The research – published in Food Hydrocolloids – reports that gum extracted from flaxseed hulls could provide industry with a readily available soluble fibre that has potential to deliver acceptable mouthfeel and texture even when used in the high amounts needed to enhance the nutritional value of foods.
Led by Professor Douglas Goff from the University of Guelph, Canada, the research team extracted soluble flaxseed gum from hulls before separating the gum extracts into neutral and acidic fractions. The research team said the gum fractions have potential applications as a ‘fibre fortifier’ that delivered in terms of mouthfeel and texture.
“Soluble dietary fibre with low viscosity has the potential to deliver acceptable mouthfeel and texture when included in the diet in a significant amount to show health benefits. Soluble flaxseed gum (SFG) was reported to have low viscosity, thus has potential in applications as a fibre fortifier,” said Goff and his colleagues.
“In comparison to locust bean gum, guar gum and xanthan gum at a concentration of 0.3% (w/v), soluble flaxseed gum exhibited much lower viscosity,” they added.
Goff and his team said that low viscosity – such as that of flax gum – is favoured in the dietary fibre fortification of food, as it does not lead to the problem of ‘over-texturization’ when a significant concentration of fibre is required to show health benefits
Since late 2010 the food industry has faced a constant problem with supply, as guar gum is now being heavily used in the oil and gas industry, for the process of fracking, causing an increase in demand and prices to rise.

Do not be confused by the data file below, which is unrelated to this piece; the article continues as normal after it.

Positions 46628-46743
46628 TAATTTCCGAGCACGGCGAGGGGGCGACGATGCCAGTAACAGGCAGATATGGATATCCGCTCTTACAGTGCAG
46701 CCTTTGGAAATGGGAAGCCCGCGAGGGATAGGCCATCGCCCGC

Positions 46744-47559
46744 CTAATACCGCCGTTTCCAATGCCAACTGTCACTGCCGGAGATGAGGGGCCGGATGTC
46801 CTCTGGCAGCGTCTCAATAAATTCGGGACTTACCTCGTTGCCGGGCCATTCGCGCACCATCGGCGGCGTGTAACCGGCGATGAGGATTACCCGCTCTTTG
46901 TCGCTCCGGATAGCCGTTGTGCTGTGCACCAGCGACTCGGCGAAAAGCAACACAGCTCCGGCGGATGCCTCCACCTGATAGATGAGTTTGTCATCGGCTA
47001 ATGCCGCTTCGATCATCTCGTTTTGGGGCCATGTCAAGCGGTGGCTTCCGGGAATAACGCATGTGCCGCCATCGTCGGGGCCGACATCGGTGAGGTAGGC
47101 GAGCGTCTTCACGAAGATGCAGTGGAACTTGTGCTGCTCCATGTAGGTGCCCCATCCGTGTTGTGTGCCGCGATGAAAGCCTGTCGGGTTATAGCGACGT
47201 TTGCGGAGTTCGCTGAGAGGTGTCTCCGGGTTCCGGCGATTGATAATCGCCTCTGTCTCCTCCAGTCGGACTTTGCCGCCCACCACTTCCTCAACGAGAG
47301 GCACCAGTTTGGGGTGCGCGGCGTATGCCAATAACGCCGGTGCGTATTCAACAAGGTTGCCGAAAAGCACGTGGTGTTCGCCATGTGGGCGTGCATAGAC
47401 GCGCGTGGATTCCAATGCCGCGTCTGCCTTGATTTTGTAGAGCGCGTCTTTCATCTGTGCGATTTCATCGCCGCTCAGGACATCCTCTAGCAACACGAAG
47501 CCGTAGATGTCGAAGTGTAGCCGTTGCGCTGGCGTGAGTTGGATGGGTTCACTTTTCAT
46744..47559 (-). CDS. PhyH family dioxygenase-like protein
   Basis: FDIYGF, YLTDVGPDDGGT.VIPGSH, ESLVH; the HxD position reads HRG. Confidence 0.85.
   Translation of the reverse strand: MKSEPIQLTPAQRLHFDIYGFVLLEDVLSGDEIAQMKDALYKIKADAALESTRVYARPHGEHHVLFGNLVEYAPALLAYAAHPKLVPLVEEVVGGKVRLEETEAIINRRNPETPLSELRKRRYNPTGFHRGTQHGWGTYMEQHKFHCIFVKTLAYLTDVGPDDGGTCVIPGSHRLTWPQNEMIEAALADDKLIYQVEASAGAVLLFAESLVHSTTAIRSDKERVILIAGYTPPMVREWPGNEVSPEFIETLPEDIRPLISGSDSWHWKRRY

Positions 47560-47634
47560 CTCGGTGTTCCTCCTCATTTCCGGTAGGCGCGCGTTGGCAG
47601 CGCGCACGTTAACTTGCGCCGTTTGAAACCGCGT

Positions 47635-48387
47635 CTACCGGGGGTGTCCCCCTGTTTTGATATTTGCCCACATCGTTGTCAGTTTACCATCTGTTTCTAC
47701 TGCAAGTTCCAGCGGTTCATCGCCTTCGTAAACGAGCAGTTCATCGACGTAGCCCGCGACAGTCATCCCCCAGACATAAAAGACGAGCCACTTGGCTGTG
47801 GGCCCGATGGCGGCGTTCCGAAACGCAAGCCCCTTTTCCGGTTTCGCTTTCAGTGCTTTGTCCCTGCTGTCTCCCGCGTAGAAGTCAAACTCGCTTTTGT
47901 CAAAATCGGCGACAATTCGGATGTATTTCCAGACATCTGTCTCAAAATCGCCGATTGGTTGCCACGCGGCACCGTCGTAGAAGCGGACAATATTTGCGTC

A recent IMR International report published by consultant, Dennis Seisun, noted that the guar gum situation remains critical for food buyers, with tight supplies and high prices set to continue until at least the end of 2012 – probably beyond.
Seisun said that as a result many food formulators are partially replacing guar with blends, completely replacing the thickener with another hydrocolloid, or eliminating the use of hydrocolloids entirely.
In the new study Goff and his team extracted the soluble gum from flaxseed hulls, before separating them into ‘neutral’ and ‘acidic’ fractions. The team the analysed the gums to test their viability for industrial use.
The team noted that the protein content in the soluble flax gums were completely removed by protease – “to obtain two more protein-free fractions.” They noted that only the complete soluble fibre and acidic fibre contained protein, with neutral fibre containing no protein from the beginning.
“Neutral flaxseed gums consisted of high molecular weight (MW) (1470 kDa) arabinoxylans and exhibited pseudoplastic flow behaviour; whereas acidic flaxseed gum was mainly composed of rhamnogalacturonans with a higher MW fraction (1510 kDa) and a lower MW fraction (341 kDa) and showed Newtonian flow behaviour,” reported the authors.
They said that in comparison with gums that had no, or removed protein, the full soluble flaxseed gum extract, and the initial acidif fractios showed better surface activities and emulsifying stabilities – "due to the presence of protein in both fractions.”
Source: Food Hydrocolloids
Volume 28, Issue 2, Pages 275–283, doi: 10.1016/j.foodhyd.2011.12.019
“Flaxseed gum from flaxseed hulls: Extraction, fractionation, and characterization”
Authors: K.Y. Qian, S.W. Cui, Y. Wu, H.D. Goff